4 hour work week?

Time management & goal setting from the masters

On Sunday night, Barack Obama put some numbers to Harold Macmillan‘s pithy saying: Events, dear boy, events. Obama’s numbers are 10% agenda and 90% circumstances.

What if we combine Obama’s numbers with Thomas Edison’s: genius is 1% inspiration and 90% perspiration?

90%
Circumstances
0,9% 89,1%
10% Agenda 0,1% 9,9%

 

 

1%
Inspiration
99%
Perspiration

Obama x Edison


4 hour work week

I’m a great believer in Kurt Lewin‘s adage: that there is nothing as practical as a good theory.  Principles, values and strategies established prior to action help me, at any rate,  keep perspective, and rapidly re-evaluate my tactics as events unfold.  In the army, they say, a plan never survives meeting the enemyThe value of the plan is in the planning, when we front-load the facts, issues and principles that will help us react quickly.

So at 9.9% of a 7 hour day, maybe 40 minutes will be spent on thoughtful and assiduous planning at the beginning of the day, and doing work that we actually planned! A 4 hour work week?

In the past, we’ve always been advised to plan only for only 60% of time.  That is about 4.5 hours per day!  The remaind 40% of the day, or 3.5 hours is used for unfolding events!

How much has your working life changed in the last few years towards a 4 hour work week – 4 hours of planned work?

What is true for politicians is true for professors, writers and musicians too!

Interestingly, work on high performing academics and violin players produce similar figures.  Violin players spend the whole day on music but about 1 hour on thoughtful and deliberate practice.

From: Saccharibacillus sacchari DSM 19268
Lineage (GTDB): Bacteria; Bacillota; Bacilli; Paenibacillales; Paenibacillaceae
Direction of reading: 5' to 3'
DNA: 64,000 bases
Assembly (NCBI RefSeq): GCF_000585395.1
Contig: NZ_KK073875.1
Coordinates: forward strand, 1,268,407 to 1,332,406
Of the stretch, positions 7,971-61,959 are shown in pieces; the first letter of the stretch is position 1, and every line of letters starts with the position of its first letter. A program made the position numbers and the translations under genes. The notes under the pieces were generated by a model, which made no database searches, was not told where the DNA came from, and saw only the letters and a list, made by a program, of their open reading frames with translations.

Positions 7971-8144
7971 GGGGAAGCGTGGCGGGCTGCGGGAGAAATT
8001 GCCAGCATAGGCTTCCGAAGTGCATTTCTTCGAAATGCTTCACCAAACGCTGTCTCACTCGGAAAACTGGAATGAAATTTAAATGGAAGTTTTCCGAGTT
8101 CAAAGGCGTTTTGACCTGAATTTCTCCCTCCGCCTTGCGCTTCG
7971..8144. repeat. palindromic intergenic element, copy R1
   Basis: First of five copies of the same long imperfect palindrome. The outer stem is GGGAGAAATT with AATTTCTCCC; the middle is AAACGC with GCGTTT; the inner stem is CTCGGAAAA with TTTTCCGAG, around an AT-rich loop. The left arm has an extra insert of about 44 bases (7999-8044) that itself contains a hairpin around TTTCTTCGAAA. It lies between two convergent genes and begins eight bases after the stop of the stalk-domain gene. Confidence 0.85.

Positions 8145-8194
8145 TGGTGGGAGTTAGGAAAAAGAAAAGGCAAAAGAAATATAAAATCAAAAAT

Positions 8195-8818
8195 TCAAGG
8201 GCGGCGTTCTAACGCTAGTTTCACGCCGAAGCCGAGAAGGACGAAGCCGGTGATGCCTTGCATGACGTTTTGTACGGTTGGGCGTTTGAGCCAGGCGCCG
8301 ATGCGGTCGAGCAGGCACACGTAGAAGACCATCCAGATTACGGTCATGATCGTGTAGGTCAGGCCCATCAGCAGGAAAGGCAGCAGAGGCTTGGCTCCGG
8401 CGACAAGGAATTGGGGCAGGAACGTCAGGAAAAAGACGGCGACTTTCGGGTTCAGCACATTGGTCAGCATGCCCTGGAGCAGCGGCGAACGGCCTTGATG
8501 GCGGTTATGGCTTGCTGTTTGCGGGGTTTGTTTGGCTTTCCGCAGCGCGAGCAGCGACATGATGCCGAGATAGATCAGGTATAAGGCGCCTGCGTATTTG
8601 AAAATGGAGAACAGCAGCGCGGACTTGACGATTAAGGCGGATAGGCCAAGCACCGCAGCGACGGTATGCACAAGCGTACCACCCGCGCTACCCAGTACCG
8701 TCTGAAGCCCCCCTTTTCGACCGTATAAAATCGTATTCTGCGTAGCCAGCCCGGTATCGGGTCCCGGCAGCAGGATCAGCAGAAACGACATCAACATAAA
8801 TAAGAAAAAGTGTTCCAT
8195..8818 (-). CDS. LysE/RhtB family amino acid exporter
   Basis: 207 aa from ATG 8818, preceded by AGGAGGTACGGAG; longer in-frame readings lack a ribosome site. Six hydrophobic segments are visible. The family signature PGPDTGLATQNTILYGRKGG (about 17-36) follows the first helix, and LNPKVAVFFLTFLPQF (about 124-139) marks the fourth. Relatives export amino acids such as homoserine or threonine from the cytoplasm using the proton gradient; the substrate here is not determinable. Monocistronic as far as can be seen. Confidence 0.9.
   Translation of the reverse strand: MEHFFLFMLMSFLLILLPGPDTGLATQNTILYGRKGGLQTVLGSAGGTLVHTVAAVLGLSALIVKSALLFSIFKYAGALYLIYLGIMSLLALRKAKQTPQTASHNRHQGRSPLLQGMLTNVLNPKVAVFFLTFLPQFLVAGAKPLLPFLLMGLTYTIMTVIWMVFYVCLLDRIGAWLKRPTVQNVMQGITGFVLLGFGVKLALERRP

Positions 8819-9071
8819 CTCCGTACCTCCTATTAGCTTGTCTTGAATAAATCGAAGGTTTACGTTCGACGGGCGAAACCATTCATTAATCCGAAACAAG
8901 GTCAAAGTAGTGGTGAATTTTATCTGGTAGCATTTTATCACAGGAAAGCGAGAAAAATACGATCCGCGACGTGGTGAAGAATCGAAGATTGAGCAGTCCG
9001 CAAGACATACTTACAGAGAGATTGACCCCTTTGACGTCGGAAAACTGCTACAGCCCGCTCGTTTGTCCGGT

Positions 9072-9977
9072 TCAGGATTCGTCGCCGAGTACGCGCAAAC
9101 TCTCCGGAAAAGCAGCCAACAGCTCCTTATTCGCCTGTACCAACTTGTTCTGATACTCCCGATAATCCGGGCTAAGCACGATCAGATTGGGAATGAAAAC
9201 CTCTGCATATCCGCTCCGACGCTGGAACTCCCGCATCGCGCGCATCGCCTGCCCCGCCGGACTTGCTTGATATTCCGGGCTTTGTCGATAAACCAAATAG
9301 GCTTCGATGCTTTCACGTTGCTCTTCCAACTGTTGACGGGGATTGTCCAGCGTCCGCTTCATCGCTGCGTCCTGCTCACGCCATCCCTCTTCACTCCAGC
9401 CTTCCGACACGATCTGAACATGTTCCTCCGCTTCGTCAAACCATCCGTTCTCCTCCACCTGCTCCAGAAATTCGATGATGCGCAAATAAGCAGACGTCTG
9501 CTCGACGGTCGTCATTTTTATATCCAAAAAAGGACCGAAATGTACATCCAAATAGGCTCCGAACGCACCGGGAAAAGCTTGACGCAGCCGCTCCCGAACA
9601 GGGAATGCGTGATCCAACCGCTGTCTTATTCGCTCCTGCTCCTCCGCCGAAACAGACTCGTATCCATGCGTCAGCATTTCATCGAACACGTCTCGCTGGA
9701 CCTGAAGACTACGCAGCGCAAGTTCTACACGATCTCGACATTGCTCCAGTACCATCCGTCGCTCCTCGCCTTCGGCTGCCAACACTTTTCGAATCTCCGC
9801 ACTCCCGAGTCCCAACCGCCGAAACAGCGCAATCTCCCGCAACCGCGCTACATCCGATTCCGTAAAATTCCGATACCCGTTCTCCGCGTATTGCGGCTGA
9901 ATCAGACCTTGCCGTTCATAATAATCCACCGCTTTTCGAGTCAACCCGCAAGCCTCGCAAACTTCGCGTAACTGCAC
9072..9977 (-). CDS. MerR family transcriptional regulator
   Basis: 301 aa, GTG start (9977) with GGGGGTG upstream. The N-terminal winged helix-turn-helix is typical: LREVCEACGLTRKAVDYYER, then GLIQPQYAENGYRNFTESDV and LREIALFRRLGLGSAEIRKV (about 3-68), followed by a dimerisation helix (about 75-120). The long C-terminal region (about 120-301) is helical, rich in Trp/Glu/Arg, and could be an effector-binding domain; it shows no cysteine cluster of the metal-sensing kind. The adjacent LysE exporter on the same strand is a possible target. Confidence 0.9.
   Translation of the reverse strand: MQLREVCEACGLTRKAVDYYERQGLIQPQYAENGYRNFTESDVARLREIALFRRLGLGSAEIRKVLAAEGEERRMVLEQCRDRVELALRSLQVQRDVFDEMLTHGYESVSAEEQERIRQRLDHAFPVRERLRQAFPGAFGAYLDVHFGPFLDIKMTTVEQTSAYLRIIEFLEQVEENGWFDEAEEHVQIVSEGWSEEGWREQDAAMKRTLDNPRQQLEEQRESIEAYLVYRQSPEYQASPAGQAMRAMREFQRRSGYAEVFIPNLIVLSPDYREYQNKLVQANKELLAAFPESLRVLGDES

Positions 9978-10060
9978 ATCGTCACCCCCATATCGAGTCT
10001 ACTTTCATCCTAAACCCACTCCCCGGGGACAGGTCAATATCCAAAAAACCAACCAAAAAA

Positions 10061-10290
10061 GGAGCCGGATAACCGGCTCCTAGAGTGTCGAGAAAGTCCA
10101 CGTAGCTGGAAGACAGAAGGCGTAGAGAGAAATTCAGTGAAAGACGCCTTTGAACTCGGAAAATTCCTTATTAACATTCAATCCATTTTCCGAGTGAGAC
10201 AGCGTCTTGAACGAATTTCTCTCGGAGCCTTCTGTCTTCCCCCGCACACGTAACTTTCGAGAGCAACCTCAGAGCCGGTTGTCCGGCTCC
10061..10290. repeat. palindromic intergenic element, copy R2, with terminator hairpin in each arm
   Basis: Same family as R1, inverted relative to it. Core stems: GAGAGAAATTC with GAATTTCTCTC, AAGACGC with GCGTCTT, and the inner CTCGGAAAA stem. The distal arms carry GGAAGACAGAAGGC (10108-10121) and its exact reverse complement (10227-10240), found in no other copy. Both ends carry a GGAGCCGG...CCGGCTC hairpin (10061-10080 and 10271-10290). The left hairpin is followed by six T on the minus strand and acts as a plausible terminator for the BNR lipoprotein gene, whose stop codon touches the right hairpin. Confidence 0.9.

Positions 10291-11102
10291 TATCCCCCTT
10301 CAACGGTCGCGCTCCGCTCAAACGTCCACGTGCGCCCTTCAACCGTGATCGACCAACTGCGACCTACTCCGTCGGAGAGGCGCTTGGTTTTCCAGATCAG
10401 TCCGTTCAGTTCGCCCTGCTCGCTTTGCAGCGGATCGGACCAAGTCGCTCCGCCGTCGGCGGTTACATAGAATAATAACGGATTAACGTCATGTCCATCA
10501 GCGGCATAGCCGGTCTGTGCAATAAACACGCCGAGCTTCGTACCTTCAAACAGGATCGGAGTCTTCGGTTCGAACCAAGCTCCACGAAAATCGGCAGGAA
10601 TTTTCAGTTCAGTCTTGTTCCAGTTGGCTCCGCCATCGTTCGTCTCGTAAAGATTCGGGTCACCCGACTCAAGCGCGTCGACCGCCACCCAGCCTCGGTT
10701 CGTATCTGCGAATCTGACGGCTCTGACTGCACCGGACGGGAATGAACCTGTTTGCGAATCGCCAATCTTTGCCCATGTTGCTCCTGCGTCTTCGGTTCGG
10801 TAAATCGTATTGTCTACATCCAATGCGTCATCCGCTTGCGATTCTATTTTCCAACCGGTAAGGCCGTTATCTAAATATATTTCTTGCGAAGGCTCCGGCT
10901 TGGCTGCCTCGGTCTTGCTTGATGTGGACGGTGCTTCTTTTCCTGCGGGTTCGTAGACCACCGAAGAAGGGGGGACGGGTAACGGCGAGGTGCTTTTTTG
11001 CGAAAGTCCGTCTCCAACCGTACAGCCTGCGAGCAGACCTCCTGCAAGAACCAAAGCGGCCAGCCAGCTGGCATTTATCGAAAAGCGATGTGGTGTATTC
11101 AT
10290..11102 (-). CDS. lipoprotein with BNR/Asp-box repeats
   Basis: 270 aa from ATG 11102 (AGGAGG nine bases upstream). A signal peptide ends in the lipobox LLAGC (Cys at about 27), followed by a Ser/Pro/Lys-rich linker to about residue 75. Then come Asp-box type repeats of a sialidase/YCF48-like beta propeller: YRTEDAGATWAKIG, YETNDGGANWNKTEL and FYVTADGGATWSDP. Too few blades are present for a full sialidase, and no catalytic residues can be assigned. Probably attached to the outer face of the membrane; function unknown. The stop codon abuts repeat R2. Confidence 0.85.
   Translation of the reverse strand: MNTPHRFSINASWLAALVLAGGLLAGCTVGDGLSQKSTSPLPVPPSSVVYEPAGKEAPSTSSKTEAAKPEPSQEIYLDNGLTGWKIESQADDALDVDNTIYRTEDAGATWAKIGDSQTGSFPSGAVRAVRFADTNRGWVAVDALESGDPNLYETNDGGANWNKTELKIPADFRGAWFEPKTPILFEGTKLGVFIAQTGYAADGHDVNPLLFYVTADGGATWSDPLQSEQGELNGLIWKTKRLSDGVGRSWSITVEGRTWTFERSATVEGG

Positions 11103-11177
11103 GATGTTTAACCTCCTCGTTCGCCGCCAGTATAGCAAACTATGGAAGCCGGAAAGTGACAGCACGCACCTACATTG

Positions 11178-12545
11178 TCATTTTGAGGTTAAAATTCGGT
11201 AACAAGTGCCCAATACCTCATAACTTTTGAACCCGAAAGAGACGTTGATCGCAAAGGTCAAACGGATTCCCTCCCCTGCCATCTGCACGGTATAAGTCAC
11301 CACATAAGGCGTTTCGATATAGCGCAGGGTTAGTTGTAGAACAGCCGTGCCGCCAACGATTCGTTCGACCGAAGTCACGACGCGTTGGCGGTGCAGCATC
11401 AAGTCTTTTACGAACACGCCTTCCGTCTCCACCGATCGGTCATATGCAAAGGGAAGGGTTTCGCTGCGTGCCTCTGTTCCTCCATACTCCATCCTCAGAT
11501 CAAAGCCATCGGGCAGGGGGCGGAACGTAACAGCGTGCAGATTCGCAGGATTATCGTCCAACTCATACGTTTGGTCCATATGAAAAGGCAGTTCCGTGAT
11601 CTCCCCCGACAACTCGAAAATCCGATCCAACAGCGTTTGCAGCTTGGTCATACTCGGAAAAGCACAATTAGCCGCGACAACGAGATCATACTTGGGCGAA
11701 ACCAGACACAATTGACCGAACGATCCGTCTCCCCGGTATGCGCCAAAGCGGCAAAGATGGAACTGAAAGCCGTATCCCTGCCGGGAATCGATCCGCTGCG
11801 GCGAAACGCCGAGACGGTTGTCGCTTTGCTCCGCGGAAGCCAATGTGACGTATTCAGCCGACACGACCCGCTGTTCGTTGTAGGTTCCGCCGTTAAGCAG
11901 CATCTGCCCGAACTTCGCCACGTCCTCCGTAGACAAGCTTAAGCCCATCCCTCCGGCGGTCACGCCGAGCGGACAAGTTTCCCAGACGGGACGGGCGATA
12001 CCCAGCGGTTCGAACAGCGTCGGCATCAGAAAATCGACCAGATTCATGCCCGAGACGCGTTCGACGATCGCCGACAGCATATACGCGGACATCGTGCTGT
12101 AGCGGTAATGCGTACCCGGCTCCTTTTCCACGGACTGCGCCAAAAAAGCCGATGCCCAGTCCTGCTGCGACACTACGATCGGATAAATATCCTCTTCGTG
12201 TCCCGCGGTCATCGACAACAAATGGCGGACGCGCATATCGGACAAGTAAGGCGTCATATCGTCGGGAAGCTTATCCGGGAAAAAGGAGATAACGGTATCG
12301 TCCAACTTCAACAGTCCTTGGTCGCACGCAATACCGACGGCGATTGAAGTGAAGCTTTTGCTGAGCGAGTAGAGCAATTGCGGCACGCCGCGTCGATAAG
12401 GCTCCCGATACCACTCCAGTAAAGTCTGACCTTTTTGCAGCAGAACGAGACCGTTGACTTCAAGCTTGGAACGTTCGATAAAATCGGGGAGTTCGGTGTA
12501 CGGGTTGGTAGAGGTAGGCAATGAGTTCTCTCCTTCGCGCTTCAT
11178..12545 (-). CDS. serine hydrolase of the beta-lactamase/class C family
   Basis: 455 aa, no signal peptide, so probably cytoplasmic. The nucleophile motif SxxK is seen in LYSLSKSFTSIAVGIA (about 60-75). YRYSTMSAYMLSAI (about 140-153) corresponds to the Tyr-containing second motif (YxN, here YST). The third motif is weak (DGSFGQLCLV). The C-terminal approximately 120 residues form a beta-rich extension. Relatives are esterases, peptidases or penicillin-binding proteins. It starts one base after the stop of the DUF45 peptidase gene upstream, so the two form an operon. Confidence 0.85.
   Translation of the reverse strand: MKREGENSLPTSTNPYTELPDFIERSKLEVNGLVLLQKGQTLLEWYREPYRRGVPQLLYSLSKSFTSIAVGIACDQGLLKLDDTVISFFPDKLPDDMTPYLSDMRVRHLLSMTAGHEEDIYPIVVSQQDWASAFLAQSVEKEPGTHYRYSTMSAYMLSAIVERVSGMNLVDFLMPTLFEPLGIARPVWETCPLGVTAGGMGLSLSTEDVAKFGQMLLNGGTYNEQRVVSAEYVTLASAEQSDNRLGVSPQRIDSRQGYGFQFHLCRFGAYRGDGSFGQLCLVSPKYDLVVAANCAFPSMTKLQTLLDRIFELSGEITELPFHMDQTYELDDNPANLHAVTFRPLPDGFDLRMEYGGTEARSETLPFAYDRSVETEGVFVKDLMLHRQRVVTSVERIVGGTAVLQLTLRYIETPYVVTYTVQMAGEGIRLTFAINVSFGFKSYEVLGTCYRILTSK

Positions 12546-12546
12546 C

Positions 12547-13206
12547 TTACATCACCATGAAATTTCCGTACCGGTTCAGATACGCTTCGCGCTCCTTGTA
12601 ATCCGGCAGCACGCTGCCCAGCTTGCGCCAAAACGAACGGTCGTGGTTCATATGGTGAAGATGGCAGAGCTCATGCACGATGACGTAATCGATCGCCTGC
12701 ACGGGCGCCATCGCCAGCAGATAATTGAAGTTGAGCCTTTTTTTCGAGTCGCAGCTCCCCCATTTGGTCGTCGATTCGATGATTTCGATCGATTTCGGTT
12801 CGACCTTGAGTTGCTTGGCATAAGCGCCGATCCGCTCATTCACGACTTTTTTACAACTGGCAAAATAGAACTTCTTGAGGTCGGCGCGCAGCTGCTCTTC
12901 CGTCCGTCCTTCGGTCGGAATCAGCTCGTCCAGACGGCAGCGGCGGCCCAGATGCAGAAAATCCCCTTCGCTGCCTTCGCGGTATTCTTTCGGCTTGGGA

High performing academics, who typically produce 7x what their peers produce, write daily, but in approximately 15 minute snatches, and rarely for more than 1.5 hours.  Typically, they write early in the morning, before their households or departements get noisy.  They spend the rest of the day reacting to emails, student enquiries, going to the gym, and taking walks and sometimes even naps!

You have 45 minutes a day that you can spend on programmed work?   How should you spend this time?

As I write this, I am considering what to spend my 40 minutes on.  Having launched Rooi a few months back, I am moving into a project management phase.  So, I suppose, my 40 minutes should be spent on a review of projects and their priorities.   That feels right!

Out comes the calendar: time to do a ‘don’t break the chain exercise’.  What time of day will I spend reviewing projects and priorities?  Where will I do this work?   How will I get in the habit?  Can I put a small card in my purse and cross off each day and ‘never break the chain’?

How do you distribute your time?

What is the essential task that you do before all else, everyday?

Check out Ned’s comment below.  Do what has to be done first thing in the morning. Then if the rest of day turns to anarchy, who cares!

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